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Review: Shang-Chi and the Legend of the Ten Rings

September 3, 2021

By John Corrado

★★★ (out of 4)

As we enter Phase Four of the Marvel Cinematic Universe, the studio is branching out to bring some of their lesser known comic book characters to the screen, and with it comes the chance to further diversify their slate of cinematic superheroes.

Such is the case with Shang-Chi and the Legend of the Ten Rings, a very entertaining, Asian-influenced comic book movie which is successful on both fronts. The film casts Canada’s Simu Liu in the title role of Shang-Chi, whose estranged father Wenwu (Tony Leung) is the leader of an ancient Chinese society called the Ten Rings, so named for the ten rings he carries on his arms that give him untold powers.

When we first meet Shang-Chi as an adult in the film, he is going by the name Shaun and drifting through a quarter-life crisis in San Francisco. He works part-time as a parking valet alongside his wisecracking best friend Katy (Awkwafina), and is choosing not to live up to his true potential. But Shaun is given the chance to fulfill his destiny when he is attacked by a group of thugs on the bus who steal the glowing green pendent that he wears.

Shaun is called back to China, where he reunites with his sister Xialing (Meng’er Zhang), and Katy comes along for the ride. Shaun and Xialing must team up to stop their father, who believes his late wife (Fala Chen) – their mother – is calling out to him from behind a cave wall, and that he must charge into her hidden, paradisiacal homeland of Ta Lo to rescue her. But doing so will unleash hell and threaten their peaceful existence. Without spoiling it, I will say that the story also has a fun surprise in store that directly connects back to an earlier Marvel film.

Directed by Destin Daniel Cretton, who broke onto the scene with his 2013 indie film Short Term 12, Shang-Chi and the Legend of the Ten Rings is solid entry into the MCU. While it does have some of the more familiar Marvel story beats, and obviously includes moments of exposition to connect it to both the past and future of the MCU, it has enough elements to make it feel fresh, starting with its predominantly Asian cast. Cretton also wisely keeps the film more grounded with strong character dynamics and some interesting familial drama.

Liu does a good job of playing Shang-Chi as a younger, distinctly millennial superhero, while also proving his chops as a capable action star. Awkwafina brings a certain levity to the screen, with her and Liu effortlessly bouncing off each other in a way that is delightful to watch. The film also has one of the MCU’s most interesting antagonists in Wenwu, who is both a villain and tragic figure, operating with the stubbornness of a man unable to grieve. It’s no surprise that an actor of Leung’s calibre breathes such life and depth into him, imbuing his villainous transformation with sadness.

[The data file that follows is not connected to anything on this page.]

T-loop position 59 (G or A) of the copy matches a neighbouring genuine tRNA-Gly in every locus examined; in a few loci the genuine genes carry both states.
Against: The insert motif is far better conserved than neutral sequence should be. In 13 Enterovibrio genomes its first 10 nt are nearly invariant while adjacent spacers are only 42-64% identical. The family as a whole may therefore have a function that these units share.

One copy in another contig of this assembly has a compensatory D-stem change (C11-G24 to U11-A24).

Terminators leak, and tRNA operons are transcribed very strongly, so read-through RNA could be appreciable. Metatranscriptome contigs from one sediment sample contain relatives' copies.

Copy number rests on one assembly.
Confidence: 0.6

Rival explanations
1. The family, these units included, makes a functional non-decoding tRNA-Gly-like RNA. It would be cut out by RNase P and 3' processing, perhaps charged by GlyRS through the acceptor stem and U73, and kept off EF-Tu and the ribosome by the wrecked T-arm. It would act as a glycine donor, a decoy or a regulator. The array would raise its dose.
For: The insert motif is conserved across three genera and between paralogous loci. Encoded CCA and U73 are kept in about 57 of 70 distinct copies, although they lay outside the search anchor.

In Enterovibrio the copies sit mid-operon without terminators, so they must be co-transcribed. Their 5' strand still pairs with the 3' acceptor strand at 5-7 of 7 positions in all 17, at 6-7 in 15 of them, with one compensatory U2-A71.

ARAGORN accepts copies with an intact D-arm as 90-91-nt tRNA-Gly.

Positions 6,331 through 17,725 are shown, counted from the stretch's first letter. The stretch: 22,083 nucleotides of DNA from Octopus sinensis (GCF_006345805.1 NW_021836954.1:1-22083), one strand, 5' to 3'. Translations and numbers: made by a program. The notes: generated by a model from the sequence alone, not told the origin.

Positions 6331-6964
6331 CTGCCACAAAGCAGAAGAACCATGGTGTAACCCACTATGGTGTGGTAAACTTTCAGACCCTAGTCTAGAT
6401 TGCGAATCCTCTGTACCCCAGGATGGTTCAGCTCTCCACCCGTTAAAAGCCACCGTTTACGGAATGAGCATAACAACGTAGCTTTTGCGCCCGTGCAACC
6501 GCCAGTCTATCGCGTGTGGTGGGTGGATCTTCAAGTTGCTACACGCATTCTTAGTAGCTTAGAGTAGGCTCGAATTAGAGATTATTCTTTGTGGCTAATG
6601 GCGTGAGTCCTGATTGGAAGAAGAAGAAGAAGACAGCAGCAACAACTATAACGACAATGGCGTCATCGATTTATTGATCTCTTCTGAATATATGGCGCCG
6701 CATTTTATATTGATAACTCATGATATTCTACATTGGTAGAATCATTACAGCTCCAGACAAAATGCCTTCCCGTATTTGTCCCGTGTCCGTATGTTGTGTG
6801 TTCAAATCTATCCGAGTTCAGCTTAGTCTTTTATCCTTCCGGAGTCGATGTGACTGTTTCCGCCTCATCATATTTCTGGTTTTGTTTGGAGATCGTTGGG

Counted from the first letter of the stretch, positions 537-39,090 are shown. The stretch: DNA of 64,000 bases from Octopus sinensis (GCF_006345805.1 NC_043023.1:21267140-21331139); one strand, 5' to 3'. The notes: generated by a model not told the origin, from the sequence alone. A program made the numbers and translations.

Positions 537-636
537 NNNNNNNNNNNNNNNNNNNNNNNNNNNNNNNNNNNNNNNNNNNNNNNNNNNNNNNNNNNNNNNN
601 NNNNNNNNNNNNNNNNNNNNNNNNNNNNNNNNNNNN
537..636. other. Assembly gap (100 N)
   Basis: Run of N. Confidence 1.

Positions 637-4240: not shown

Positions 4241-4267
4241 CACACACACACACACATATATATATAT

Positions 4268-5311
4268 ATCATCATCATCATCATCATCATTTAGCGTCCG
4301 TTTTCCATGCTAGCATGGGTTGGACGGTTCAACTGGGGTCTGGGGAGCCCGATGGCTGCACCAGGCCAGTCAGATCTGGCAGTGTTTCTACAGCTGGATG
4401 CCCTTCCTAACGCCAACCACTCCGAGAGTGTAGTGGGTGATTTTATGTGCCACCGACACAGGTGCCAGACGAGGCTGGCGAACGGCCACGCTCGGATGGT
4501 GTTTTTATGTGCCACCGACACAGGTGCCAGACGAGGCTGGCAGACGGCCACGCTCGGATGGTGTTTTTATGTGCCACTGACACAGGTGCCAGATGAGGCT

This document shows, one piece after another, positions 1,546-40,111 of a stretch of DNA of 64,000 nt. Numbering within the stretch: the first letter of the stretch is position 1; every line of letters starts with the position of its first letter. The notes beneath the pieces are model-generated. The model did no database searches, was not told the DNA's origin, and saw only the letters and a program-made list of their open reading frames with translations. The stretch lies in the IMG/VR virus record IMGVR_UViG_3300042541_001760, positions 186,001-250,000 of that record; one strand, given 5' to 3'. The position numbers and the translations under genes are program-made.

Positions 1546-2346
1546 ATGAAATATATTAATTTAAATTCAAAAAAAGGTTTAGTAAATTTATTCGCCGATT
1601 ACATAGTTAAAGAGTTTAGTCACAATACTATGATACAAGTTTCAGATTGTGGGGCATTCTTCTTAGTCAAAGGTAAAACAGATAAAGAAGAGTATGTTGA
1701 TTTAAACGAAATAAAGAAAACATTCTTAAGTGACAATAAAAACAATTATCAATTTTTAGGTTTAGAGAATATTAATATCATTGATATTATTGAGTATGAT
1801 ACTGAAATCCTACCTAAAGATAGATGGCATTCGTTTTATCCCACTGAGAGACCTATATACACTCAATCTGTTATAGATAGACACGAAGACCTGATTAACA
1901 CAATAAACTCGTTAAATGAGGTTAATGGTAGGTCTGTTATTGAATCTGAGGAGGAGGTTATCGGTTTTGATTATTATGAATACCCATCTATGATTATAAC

The action sequences, which are heavily influenced by martial arts, are the highlights of the film. The fight on the bus strikes the right balance between being exciting and funny, as Shaun surprises everyone with his bare-knuckle fighting skills, and Katy is forced to take the wheel as the vehicle careens through the streets of Los Angeles. Liu and Awkwafina both shine in the sequence, which is refreshingly allowed to play out in longer takes to showcase the hand-to-hand combat.

There is also a great foot chase and fight amidst the scaffolding on the side of a Macau high rise that is impressive both for its staging and choreography. There are some interesting visual effects here as well, including a couple of scenes in a labyrinth-like forest where the trees move to form a maze for cars to go through. We also get some fine CG creature work, from a headless chicken-pig named Morris, to a pretty imposing dragon in the engaging if formulaic finale.

Cinematographer Bill Pope does do a good job of capturing the action scenes. But if there’s one downfall to Shang-Chi and the Legend of the Ten Rings, it’s that the film often has the same flat, greyish colour grade that has plagued many a Marvel movie. There was a chance for them to fully step away from this and do something more vibrant, and I wish the colours had been allowed to pop more. Certain scenes also appear overly dark and murky, including the final battle, a problem that will surely only be made worse if you see the film in 3D.

But I liked the film overall. It’s a well done origin story with some solid martial arts-inspired action, an interesting villain, and good banter between Liu and Awkwafina. For these reasons, and the onscreen representation it offers for those who don’t normally get to see themselves as the leads in a superhero movie, Shang-Chi and the Legend of the Ten Rings is a winner.

Shang-Chi and the Legend of the Ten Rings is now playing exclusively in theatres.

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